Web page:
The Economist spells out the message – inequality is bad for growth. And the growth they are talking about is plain old-fashioned GDP, not newer measures of happiness or well-being.
They are drawing on an IMF study assessing the causes and consequences of rising inequality. The IMF estimates:
- that a one percentage point increase in the income share of the top 20% will drag down growth by 0.08 percentage points over five years, while a rise in the income share of the bottom 20% actually boosts growth.
Some inequality is necessary to provide reward for effort; it’s a matter of finding the optimum balance.
This graph plots the change in income going to the top 1% against changes in the top marginal income tax rate:
Some countries, such as Japan, France and The Netherlands, have reduced top marginal taxation without increasing inequality. As usual, what is happening in the US and to a lesser extent in Britain is seen in a negative light.
It raises the question of what the ideal political economy should look like. Recently (see Quiggin’s post and document) a progressive alternative economic agenda is mysteriously emerging in time for Labor’s national conference:
- A new grassroots movement is underway which should demonstrate to next month’s ALP National Conference that there is strong community support for a progressive change to Australia’s cosy consensus-at-the-top that ‘markets are best’.
Instead of a public debate about the real drivers of and dangers to our economic and social security and prosperity, the focus continues on ‘more of the same’ extreme fetish for a Budget surplus, smaller government, lower taxes and ever more privatisation and deregulation.
A People’s Economic Alternative is emerging to call on Australians to engage with each other to devise a new economic direction which can overcome the ever-widening inequality and ever-greater insecurity that mark the lives of more and more people, and meet the challenge of ecological sustainability at a time of accelerating and unmitigated climate change.
A People’s Economic Alternative is an initiative of trade unions, welfare, community and political organisations. These organisations have memberships totalling over 300,000 and this is the basis for a new grassroots initiative to change the debate over the next two to three years.
The underpinning values are:
Equity; Fairness; Equality of opportunity; Recognition of the rights of future generations; Basic equality of outcomes, e.g. a living wage and dignified social support; Recognition of roles of both markets and government; Respect for science and education, e.g. economics is much more than a slogan like ‘markets rule’; People’s wellbeing is the ultimate objective, not profits.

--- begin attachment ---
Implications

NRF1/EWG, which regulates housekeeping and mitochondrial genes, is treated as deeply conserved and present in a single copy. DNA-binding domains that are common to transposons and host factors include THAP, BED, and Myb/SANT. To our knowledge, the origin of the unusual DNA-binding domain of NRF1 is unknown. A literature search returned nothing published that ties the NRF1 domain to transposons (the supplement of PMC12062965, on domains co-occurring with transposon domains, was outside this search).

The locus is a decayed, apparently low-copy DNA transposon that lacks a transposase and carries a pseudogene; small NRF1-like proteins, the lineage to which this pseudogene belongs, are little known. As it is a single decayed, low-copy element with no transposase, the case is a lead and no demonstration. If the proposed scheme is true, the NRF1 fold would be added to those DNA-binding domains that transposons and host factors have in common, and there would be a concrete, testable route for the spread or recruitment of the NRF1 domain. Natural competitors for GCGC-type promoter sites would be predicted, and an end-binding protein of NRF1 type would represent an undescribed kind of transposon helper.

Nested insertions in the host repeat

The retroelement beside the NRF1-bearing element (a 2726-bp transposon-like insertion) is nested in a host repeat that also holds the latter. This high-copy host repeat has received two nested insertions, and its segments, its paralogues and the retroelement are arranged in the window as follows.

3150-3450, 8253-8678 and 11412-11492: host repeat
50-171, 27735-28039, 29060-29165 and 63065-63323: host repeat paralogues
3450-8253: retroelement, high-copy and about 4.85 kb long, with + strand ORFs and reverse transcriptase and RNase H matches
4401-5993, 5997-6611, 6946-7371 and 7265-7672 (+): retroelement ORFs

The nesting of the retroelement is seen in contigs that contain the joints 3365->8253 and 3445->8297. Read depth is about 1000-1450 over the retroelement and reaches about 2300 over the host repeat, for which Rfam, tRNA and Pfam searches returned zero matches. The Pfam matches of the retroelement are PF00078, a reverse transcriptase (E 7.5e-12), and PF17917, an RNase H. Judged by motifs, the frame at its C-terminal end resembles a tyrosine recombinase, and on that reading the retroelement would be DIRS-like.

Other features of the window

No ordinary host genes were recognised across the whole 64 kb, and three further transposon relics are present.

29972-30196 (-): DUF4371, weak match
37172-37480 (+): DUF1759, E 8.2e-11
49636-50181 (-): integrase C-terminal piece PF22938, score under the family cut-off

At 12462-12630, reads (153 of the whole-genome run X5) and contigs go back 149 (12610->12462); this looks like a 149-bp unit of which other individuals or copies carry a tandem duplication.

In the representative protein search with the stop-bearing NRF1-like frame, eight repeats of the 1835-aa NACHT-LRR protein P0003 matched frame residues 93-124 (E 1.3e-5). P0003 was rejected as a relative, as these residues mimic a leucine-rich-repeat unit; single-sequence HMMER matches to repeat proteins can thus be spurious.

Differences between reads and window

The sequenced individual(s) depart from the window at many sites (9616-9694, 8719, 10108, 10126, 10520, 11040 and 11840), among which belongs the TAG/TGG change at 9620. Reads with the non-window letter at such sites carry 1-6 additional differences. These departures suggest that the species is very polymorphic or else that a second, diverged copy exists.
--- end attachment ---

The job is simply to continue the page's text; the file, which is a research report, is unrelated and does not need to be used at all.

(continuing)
Ten principles then follow, with the statement signed off by:
- Australian Manufacturing Workers Union National; Construction, Forestry, Mining & Energy Union; Finance Sector Union National, Maritime Union of Australia Sydney Branch; Fire Brigade Employees Union NSW Branch; National Tertiary Education Union NSW Branch; ALP Socialist Left NSW; Greens NSW; SEARCH Foundation; Evatt Foundation; F-Collective; No Westconnex Community Action Groups; Migrante Australia; AFTINET; Australian Political Economy Movement; Immigrant Women’s Speakout; Asian Women at Work.
The Economist says that:
- Inequality could impair growth if those with low incomes suffer poor health and low productivity as a result, or if, as evidence suggests, the poor struggle to finance investments in education.
This still views people according to their utility for producing goods and services within the narrow confines of the economic system. The concern is for more efficient workers.
Our vision should be that our life chances are not affected by the circumstances of our birth.
The Gonski education and National Disability Insurance schemes were essential pillars in building such a vision. The vision would also contain adequate funding for vocational and further eduction, support of science, research and development, a justice system available to all, accessible and cheap health and dental services, funding for the arts, the elimination of homelessness, plus pensions and transfer payments sufficient to allow a dignified existence for all. No doubt you can think of more.
The Gillard Government was active in some of these areas, but probably needed to expand the public sector by at least 10%. The Abbott/Hockey government seeks to punish the leaners, and to put the best gloss on it, depend on individual effort and responsibility. The poor are leaners, rather than lifters and characterised as indolent or worse.
In seeking an economy that serves society, rather than the reverse, the People’s Economic Alternative is trying to reverse a three decade’s long conventional wisdom about what constitutes good and credible economic policy.
More power to them!